What all this means for oil demand is unknown. For now the IEA is sticking with only small reductions in its demand forecasts while at the same time recognizing that global economic growth may not be as forecast earlier this year. So far the Agency is only talking about minimal growth holding demand steady and has not yet ventured into the realm where there is outright global economic contraction.
Crude futures jumped more than three percent in a few minutes on Tuesday as rumors circulated that Iran had closed the Straits of Hormuz. The rumor, which was officially denied by Tehran, started when a member of the Iranian Parliament said its Navy was going to practice closing the straits. This incident again illustrates how volatile the Iranian nuclear standoff has become. Last week the Iranian government released a flood of threats and bombast concerning how much damage an EU embargo of Tehran's oil would do to the global economy. To bolster morale, Tehran announced that it had just discovered 50 trillion cubic feet of natural gas in the Caspian Sea.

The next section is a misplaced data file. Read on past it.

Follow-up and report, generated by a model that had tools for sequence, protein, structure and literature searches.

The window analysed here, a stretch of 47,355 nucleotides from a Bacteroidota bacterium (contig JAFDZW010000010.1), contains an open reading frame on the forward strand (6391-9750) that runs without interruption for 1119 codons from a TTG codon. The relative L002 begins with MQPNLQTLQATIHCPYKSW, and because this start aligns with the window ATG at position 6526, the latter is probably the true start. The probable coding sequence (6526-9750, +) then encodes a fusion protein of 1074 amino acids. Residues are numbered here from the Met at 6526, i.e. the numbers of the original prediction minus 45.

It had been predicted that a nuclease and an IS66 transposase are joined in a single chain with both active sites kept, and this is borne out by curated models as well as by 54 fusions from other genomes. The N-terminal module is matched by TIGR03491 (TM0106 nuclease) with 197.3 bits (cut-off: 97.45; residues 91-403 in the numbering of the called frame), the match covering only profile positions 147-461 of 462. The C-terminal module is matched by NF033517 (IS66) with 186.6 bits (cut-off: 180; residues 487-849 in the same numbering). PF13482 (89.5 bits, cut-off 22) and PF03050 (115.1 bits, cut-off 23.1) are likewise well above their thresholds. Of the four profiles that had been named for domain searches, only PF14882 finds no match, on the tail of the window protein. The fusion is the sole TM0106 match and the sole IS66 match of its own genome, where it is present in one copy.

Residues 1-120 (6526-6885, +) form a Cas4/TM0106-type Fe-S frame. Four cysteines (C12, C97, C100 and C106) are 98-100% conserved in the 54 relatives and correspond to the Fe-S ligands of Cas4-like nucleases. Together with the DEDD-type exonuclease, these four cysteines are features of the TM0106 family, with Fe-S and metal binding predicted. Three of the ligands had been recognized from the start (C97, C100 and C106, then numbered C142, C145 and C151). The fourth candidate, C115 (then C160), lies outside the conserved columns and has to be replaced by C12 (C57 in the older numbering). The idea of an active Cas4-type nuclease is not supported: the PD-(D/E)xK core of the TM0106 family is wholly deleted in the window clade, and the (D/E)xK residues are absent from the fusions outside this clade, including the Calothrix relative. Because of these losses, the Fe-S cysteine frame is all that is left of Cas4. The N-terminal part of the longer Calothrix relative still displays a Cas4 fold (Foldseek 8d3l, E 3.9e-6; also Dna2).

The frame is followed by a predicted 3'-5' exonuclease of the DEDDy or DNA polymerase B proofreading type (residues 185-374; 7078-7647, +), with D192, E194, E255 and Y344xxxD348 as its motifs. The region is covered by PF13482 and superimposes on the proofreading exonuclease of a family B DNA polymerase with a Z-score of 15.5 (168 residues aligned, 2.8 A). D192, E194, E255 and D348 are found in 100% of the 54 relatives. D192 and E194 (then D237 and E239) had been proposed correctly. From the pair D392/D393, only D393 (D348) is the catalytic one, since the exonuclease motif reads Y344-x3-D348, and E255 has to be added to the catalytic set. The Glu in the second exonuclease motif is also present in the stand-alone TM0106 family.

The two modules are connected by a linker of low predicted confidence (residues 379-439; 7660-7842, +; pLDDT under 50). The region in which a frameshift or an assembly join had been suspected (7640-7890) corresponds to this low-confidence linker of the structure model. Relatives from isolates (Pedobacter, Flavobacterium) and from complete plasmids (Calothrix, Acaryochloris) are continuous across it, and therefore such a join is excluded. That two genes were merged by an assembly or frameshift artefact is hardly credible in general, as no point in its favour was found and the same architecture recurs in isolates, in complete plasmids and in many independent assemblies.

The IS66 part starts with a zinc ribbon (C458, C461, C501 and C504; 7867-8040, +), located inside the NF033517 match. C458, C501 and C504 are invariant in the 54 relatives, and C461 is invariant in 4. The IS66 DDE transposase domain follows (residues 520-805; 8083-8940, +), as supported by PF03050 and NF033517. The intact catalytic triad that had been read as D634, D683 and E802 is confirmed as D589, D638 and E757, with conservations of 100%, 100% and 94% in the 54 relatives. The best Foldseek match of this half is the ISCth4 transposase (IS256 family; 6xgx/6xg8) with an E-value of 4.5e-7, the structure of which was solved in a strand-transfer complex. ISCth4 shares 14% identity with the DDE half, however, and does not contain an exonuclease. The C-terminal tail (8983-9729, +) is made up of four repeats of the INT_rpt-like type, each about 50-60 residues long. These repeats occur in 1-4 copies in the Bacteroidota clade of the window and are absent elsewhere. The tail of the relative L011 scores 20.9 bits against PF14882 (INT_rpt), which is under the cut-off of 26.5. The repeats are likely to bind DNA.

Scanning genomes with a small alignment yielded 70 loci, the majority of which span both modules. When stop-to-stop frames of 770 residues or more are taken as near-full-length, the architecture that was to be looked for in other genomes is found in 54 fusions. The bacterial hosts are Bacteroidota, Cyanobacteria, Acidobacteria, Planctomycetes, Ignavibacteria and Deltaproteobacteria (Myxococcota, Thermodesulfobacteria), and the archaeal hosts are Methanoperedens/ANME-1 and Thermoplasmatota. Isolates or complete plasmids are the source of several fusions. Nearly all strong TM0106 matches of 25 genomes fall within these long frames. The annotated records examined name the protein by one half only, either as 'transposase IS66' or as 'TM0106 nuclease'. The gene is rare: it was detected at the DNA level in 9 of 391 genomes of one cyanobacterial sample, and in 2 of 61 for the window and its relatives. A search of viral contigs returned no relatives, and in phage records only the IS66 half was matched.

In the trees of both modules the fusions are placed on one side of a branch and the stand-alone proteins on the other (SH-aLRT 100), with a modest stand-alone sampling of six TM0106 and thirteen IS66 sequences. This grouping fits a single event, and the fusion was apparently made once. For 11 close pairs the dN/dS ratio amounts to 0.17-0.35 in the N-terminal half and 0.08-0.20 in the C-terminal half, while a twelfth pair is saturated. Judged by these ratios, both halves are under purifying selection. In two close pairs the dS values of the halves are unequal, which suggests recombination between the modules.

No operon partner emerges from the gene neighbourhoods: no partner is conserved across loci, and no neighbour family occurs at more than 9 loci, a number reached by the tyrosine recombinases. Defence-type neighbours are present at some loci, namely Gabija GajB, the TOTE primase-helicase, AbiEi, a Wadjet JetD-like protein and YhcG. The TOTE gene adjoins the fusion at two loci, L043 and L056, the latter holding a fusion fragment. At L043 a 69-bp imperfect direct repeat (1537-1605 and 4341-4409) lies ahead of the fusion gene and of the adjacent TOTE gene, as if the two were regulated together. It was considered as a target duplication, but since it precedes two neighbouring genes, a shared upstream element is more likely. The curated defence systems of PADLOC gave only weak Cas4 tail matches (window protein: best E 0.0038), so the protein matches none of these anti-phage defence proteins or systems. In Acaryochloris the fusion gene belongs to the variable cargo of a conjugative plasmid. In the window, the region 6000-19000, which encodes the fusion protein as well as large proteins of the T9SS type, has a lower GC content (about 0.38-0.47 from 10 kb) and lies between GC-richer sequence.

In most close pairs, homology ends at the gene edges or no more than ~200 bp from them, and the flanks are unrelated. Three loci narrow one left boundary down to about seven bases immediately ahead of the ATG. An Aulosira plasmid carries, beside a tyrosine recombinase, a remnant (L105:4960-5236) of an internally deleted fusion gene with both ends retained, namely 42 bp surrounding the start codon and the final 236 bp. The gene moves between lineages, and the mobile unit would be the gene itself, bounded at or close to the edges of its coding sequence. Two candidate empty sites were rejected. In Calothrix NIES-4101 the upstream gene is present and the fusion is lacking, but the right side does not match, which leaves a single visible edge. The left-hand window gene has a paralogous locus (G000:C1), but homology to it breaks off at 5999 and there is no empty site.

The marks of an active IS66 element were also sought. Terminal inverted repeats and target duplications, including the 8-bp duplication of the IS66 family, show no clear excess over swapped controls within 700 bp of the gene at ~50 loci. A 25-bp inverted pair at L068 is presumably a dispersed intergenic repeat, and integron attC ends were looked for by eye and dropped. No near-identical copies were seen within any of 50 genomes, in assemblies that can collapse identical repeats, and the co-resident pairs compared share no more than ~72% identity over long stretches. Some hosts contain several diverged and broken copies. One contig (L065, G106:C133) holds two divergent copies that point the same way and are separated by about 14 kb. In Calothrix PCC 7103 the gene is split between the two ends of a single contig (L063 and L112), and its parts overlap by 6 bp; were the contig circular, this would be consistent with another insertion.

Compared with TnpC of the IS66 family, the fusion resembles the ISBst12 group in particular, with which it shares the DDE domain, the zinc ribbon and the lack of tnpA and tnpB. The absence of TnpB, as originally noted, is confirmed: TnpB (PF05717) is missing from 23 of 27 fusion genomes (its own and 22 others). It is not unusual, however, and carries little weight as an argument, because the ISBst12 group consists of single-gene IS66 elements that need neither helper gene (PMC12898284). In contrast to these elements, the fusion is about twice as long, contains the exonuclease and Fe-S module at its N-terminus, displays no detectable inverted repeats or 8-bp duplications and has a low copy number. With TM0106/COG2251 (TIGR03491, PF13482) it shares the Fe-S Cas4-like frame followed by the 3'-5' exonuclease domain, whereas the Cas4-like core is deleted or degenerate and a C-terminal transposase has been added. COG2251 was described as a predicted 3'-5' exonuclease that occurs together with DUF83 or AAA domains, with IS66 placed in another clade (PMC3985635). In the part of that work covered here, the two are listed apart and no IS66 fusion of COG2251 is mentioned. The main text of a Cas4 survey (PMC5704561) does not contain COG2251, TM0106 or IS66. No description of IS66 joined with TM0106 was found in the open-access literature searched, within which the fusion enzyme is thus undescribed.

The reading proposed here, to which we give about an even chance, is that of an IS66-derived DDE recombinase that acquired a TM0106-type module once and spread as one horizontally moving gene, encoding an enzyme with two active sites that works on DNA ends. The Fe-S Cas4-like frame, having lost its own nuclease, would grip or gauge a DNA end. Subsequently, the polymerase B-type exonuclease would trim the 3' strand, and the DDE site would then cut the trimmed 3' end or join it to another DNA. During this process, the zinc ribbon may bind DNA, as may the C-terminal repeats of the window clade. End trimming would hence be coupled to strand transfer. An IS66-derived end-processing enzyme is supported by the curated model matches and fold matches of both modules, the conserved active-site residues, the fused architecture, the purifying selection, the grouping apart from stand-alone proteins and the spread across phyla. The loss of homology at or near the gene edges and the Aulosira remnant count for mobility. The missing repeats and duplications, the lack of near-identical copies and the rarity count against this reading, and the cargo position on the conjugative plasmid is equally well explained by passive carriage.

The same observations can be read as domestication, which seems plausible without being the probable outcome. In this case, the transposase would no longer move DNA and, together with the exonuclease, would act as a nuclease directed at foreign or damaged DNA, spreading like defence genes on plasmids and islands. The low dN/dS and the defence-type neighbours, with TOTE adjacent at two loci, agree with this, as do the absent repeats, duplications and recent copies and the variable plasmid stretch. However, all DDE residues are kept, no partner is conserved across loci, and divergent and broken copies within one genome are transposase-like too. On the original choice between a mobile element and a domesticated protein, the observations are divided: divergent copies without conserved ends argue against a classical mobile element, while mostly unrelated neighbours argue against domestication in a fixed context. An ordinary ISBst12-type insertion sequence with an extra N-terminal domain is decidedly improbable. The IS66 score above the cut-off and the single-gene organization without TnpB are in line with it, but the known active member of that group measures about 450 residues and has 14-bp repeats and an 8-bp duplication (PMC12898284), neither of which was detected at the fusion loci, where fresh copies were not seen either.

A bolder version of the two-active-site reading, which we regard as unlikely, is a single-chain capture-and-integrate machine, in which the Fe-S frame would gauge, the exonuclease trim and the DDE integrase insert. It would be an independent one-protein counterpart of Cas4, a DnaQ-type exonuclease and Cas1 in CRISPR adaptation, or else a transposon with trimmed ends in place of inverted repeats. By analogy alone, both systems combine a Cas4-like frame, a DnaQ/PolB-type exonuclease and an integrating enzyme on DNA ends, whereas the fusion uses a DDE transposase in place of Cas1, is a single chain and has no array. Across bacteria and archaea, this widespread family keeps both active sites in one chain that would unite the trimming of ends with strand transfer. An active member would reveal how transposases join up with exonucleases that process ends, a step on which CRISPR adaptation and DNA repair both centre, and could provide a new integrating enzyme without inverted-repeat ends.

The Iranians said that as part of the OPEC negotiations, Tehran had extracted a promise from the Saudis that the Kingdom would not compensate for any reduction in Tehran's oil exports by raising its own production. Considering that Riyadh is now producing around 10 million b/d, the chances of a jump in exports do not seem that good. Although much attention is being placed on the possibility of cutting into Tehran's current exports through sanctions, the IEA noted that over the next few years Iranian production could fall precipitously due to lack of foreign technology to support drilling.